The ascent of Adolph Hitler saw the shift of the Nazi maxim from a socialist agenda to those of nationalist expansionism and anti-Semitism. As such, the Nazi did not seek to champion the welfare of the low-class masses. From this perch, Hitler saw himself and Germany as a country surrounded by enemies in form of countries controlled by Jews and communists; in form of Britain, the Soviet Union and France. This, together with expansionism and nationalism set the stage for the outbreak of the Second World War.

Growth of the Nazi party

The party continued to grow, buoyed both by the recruitment drive of Hitler and the attractiveness of the SA to young German men (Loewenberg, 1971, p1457-1502). The party also recruited from the First World War veterans, whom Hitler found a listening year; and even formed Hitler’s youth for children recruits (Loewenberg, 1971, p1457-1502). In the 1920, the Nazi stood for a number of issues that made them particularly appealing to the general public at the time. This can be attributed to various issues that had made life particularly difficult for pre-Nazi Germans citizens. Among the more prominent of these stands was the withdrawal from the treaty of Versailles, the formation of a strong central government, the destruction of communist elements in Germany, the rearming of the German military contrary to the provisions of the armistice, destruction of the Weimar republic and removal of the Jews.

Popularity of the Nazi ideas

The ideas put forward by the party were for various reasons popular with the general population. For starters, the Germans did not believe that they had lost the first word war; the popular sentiment was that the Weimar republic has betrayed the military by agreeing to surrender. Additionally, some aspects of the treaty were offensive to the people, particularly clauses that put the blame of the war entirely on Germany; forcing them to pay war guilt reparations. On one hand, these terms were seen as being grossly unfair; and resulted in the occupation of the Ruhr industrial region by France in January 1923 when the Weimar republic could no longer afford to pay the reparations. This led to severe economic effects; thus offering the Nazi a perfect tool to spread discontent through propaganda by blaming the government for the problems and the treaty; and promising to return Germany to greatness once they acquired power.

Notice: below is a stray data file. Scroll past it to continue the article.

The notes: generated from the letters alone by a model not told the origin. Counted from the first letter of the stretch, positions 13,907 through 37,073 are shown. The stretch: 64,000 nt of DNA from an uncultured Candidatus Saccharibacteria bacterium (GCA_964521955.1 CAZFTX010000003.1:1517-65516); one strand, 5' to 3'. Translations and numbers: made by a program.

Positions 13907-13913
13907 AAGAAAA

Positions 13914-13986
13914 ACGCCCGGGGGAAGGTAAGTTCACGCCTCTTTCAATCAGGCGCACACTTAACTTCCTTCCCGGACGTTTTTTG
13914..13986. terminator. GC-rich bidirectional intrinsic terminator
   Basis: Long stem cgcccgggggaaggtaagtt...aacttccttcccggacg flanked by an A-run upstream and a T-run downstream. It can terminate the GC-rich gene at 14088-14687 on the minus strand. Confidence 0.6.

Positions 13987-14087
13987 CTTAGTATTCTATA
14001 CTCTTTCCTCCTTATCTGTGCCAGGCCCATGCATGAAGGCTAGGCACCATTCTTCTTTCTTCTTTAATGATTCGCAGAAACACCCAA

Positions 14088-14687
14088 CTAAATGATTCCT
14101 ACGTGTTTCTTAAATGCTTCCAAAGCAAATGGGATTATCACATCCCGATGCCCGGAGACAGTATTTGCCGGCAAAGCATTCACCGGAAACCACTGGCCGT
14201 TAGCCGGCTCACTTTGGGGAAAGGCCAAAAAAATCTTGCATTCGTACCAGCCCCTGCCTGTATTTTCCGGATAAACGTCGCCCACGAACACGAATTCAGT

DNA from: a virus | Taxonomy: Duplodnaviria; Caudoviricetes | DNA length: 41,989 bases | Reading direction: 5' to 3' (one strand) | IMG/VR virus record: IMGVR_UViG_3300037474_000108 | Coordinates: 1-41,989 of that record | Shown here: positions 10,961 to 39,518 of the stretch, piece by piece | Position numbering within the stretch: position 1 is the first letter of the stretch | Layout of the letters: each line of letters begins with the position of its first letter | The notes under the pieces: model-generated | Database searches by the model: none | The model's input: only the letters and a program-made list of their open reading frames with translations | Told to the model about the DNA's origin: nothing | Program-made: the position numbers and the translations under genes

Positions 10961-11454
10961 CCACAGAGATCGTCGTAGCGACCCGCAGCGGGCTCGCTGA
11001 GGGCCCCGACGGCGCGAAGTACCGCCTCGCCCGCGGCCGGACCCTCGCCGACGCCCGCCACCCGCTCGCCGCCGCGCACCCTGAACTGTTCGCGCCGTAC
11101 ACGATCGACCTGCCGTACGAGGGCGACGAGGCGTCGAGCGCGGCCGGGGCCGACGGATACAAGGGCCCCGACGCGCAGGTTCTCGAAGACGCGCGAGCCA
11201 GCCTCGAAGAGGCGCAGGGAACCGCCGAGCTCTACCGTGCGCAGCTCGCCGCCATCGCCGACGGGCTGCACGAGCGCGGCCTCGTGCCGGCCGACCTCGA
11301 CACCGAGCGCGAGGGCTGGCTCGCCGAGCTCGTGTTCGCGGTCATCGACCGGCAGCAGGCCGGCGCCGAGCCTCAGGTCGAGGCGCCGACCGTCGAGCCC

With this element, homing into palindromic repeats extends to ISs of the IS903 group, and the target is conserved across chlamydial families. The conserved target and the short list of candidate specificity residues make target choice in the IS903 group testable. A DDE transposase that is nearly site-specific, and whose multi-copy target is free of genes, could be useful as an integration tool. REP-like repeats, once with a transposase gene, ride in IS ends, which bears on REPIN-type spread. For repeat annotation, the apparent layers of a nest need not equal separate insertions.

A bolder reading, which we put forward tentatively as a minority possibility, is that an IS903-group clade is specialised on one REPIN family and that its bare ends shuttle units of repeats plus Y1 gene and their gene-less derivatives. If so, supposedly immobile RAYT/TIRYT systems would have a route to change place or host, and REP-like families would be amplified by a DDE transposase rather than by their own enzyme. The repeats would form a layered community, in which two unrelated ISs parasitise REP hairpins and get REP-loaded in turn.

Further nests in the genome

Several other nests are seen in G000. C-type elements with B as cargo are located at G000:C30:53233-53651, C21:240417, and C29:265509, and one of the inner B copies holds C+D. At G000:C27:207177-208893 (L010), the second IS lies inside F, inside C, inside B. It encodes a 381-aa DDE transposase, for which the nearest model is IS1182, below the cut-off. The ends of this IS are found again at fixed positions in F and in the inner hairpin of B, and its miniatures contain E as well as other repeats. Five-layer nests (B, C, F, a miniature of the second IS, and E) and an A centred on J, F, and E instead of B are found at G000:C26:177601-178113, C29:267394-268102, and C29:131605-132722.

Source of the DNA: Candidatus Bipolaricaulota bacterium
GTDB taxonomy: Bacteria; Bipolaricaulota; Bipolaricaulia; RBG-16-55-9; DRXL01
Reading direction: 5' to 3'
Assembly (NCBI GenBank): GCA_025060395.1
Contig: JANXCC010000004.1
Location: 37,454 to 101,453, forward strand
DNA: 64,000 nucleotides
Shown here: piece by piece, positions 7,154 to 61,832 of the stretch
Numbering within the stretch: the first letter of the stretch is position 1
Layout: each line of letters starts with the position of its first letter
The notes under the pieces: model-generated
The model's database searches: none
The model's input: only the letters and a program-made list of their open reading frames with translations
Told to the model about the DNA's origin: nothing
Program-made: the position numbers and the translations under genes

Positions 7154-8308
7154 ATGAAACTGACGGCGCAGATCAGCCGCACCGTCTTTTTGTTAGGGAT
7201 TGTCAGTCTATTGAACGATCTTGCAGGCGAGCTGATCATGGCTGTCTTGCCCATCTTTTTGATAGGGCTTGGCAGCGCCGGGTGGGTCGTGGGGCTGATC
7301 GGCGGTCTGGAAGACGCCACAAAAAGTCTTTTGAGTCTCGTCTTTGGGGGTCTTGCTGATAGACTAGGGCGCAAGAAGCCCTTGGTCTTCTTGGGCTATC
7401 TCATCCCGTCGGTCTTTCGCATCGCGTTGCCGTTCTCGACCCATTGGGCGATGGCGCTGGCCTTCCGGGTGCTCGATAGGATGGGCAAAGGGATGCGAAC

The Nazi also painted the Weimar government as weak and that could not control the economic downturn. This was evident with the resignation of the Wilhelm Cuno government and the attempted takeover by the communist party further destabilizing the political landscape. The Nazi party, through its propaganda machinery offered a strong stable government led by a strong leader in form of Adolph Hitler.

Nationalistic and expansionism aspects of the Nazi rhetoric also proved to be popular with the people; such sentiments were fueled by promises to restore the unity of the country by reacquiring the territories that had been lost in the fallout of the First World War. This was reinforced with the “master race” ideology that the Aryans were a superior race; and that they needed to occupy more land to allow for their expansion. These were the motivations to rearm Germany and reclaim her greatness (Eatwell, 1996, p303–319).